Apple’s App Store brought in almost twice as much revenue in the first half of 2018 than the Google Play store.
The Mac – or “Macintosh” if we’re going back to 1984 – is the first computer to effectively market a graphical computer to the masses, all delivered by Apple (or, at the time, Apple Computer).
The Mac has gone through several stages of evolution and iteration since 1984, including the MacBook Air, MacBook Pro, Mac mini, iMac, iMac Pro, Mac Pro, Performa, Power Mac (including the G4 Cube!), iBook, and more. It remains one of the most popular computers you’ll see in business, schools, and homes today.
There’s an original Mac on display at Microsoft’s headquarters commemorating the fact that Microsoft Office was released first for Apple’s computer platform, and not the PC. That’s pretty cool because the company could’ve easily chosen to not recognize that bit of history and most people would’ve been none the wiser. Apple played a significant role in Microsoft’s early growth, so seeing a Mac with Office installer floppy discs, as Business Insider notes, next to Bill Gates’ original business card is great. You can check out the ancient Mac at Microsoft’s visitor center in Redmond, Washington.
Dave Hamilton and John Martellaro join Jeff Gamet to go under the hood with iPhone cellular data management along with uninterrupted power supplies, or UPS, for our computers.
Kelly Guimont, John Martellaro and Jeff Gamet dive into Apple’s software fix for the MacBook Pro Core i9 throttling problem, plus Kelly may have figured out Apple’s strategy for drawing us in to its own original TV shows.
Apple addressed Core i9 MacBook Pro throttling issues head on with a software update on Tuesday and early tests show the issue really is fixed.
Bryan Chaffin and John Martellaro join Jeff Gamet to talk about what they’d like—and expect—to see in Apple Watch Series 4, plus they have a PSA about a just announced Bluetooth security flaw.
CERT issued a warning for a Bluetooth security flaw that could lead to a man-in-the-middle attack.
Apple has a new summertime Apple Pay promotion that’ll save you money when you buy movie tickets through Fandango, food through Grubhub, and more. The promotion runs from July 19th through August 1st.
If you think finding what you want to watch on Netflix is a little cumbersome, you aren’t alone. Netflix gets it, too, so they’re redesigning the user interface across devices. Soon you’ll have a sidebar that breaks out TV shows and movies, saves you from scrolling through genres just to get to your own viewing list, and more. They say the new interface is simpler and more intuitive. It’s rolling out now, so you should get it soon on your iPhone, iPad, and Apple TV.
In this age of different devices and platforms, Bryan Chaffin and Jeff Gamet talk about the lack of consistency in Apple’s interfaces compared to the days when “Apple” meant “Mac.” They also go over some listener feedback (read criticism) about their rant last week on Apple’s storage pricing for new MacBook Pro models. Lastly, they discuss whether not Walmart can make a go in the streaming video market, and how that might actually work.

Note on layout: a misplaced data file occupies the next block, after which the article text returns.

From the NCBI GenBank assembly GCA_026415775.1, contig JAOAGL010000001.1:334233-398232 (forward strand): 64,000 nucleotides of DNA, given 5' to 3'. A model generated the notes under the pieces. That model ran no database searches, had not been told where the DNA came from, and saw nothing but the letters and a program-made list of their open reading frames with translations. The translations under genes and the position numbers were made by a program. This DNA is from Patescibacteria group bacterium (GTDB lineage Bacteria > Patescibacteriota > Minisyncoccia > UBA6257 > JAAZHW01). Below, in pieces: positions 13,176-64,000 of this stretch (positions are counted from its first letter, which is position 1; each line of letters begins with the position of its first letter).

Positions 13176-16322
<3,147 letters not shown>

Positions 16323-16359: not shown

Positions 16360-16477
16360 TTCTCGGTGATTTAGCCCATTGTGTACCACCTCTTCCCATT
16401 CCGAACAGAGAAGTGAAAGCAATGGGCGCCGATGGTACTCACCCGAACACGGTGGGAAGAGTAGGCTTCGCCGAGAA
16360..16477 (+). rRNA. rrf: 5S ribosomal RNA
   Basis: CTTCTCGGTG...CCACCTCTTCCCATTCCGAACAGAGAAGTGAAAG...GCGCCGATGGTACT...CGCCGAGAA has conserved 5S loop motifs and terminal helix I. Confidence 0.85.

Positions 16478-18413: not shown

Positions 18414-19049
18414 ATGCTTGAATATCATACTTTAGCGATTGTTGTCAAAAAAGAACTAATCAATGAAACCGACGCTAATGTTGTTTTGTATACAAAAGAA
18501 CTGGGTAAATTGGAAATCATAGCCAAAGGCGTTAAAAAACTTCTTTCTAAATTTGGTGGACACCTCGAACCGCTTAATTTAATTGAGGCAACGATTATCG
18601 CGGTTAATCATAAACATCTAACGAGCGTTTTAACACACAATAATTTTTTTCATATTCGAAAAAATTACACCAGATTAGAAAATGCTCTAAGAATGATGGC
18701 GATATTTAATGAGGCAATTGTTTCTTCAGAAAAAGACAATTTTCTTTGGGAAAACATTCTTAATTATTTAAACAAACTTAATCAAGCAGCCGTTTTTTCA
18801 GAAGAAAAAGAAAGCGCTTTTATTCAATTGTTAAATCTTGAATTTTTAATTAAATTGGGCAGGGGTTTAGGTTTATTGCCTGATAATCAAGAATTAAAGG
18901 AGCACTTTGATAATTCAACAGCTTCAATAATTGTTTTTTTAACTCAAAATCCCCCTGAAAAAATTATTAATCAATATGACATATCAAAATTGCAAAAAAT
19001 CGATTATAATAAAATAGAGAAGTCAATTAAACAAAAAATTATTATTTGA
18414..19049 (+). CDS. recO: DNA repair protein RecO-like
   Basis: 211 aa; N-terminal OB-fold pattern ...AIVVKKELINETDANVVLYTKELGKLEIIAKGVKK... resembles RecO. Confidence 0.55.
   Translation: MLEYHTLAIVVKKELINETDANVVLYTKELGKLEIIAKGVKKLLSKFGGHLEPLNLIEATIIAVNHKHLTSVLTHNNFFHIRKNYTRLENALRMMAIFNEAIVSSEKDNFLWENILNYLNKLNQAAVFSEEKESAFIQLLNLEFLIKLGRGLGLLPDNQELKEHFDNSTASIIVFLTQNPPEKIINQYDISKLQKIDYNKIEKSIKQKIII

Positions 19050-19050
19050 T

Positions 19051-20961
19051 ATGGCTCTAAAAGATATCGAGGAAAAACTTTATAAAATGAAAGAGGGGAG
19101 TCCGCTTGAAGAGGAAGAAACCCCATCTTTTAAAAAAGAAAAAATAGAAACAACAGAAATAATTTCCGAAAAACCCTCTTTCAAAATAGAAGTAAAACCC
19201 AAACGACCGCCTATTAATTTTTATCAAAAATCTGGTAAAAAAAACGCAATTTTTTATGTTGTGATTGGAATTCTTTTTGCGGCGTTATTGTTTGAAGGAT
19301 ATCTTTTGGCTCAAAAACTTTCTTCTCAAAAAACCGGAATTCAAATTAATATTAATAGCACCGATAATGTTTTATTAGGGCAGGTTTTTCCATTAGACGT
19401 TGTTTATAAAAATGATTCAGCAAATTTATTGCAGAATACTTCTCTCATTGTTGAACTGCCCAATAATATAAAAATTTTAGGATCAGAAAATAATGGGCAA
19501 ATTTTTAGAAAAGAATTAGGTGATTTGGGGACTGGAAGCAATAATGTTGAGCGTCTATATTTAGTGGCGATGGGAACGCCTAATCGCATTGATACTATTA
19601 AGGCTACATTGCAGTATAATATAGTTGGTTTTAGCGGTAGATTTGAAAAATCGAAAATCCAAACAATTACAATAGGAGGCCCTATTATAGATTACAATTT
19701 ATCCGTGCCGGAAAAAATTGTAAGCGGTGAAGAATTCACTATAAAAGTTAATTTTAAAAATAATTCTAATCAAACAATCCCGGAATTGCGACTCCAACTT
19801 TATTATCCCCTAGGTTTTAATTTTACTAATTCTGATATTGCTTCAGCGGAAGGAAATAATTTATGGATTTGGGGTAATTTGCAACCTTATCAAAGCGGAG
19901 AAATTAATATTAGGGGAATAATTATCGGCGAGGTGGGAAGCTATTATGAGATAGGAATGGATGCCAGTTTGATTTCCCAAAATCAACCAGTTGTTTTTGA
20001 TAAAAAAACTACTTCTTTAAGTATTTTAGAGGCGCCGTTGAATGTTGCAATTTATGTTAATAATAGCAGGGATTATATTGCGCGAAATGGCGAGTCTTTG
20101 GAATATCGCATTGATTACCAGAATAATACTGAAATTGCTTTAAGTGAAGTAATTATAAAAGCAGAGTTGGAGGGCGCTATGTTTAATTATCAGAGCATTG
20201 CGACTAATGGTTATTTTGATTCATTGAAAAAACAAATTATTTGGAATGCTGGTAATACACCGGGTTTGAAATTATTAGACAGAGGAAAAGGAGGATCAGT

Kelly Guimont and John Martellaro join Jeff Gamet to look at a report saying the Core i9 MacBook Pro is hobbled by thermal throttling, plus John explains how to better predict when Apple is about to release new Macs.
Apple released the third macOS Mojave public beta just a day after releasing the fourth developer beta.
Flexibits rolled out Fantastical 2.5 for the Mac on Wednesday with Meetup support so you can see the events in your groups.
It’s not an exact science by any means. But there are often subtle hints that Apple is ready to ship a new Mac. John has some tips.
iFixit finished tearing down the mid-2018 13-inch Touch Bar MacBook Pro and along with the redesigned keyboard they found a higher capacity battery, a T2 chip, and no chance for user upgrades.
The biggest known change is support for the new 2018 MacBook Pro models that shipped last week.
One of the features Apple is pushing for its new Touch Bar MacBook Pro is a quieter keyboard. Less clackity-clack will no doubt make a lot of people happy, but is it really quieter? TechCrunch did their own informal test with a previous generation keyboard and the new model. They recorded the results, and there is a difference between the two, but it may not be as dramatic as some were hoping for. Still, it’s quieter, and that’s something.
Apple’s new Touch Bar MacBook Pro, released last week, has a new keyboard that appears to be redesigned to fix the failure issue plaguing the 2016 and 2017 models.
Apple’s just released 2018 Touch Bar MacBook Pro is the first with a True Tone display, and that extends to a couple external displays, too.
Bryan Chaffin and John Martellaro join Jeff Gamet to debate what Apple could do with a Mac mini refresh versus what they’re likely to do, plus Jeff warms up to the idea of an ARM-based Mac.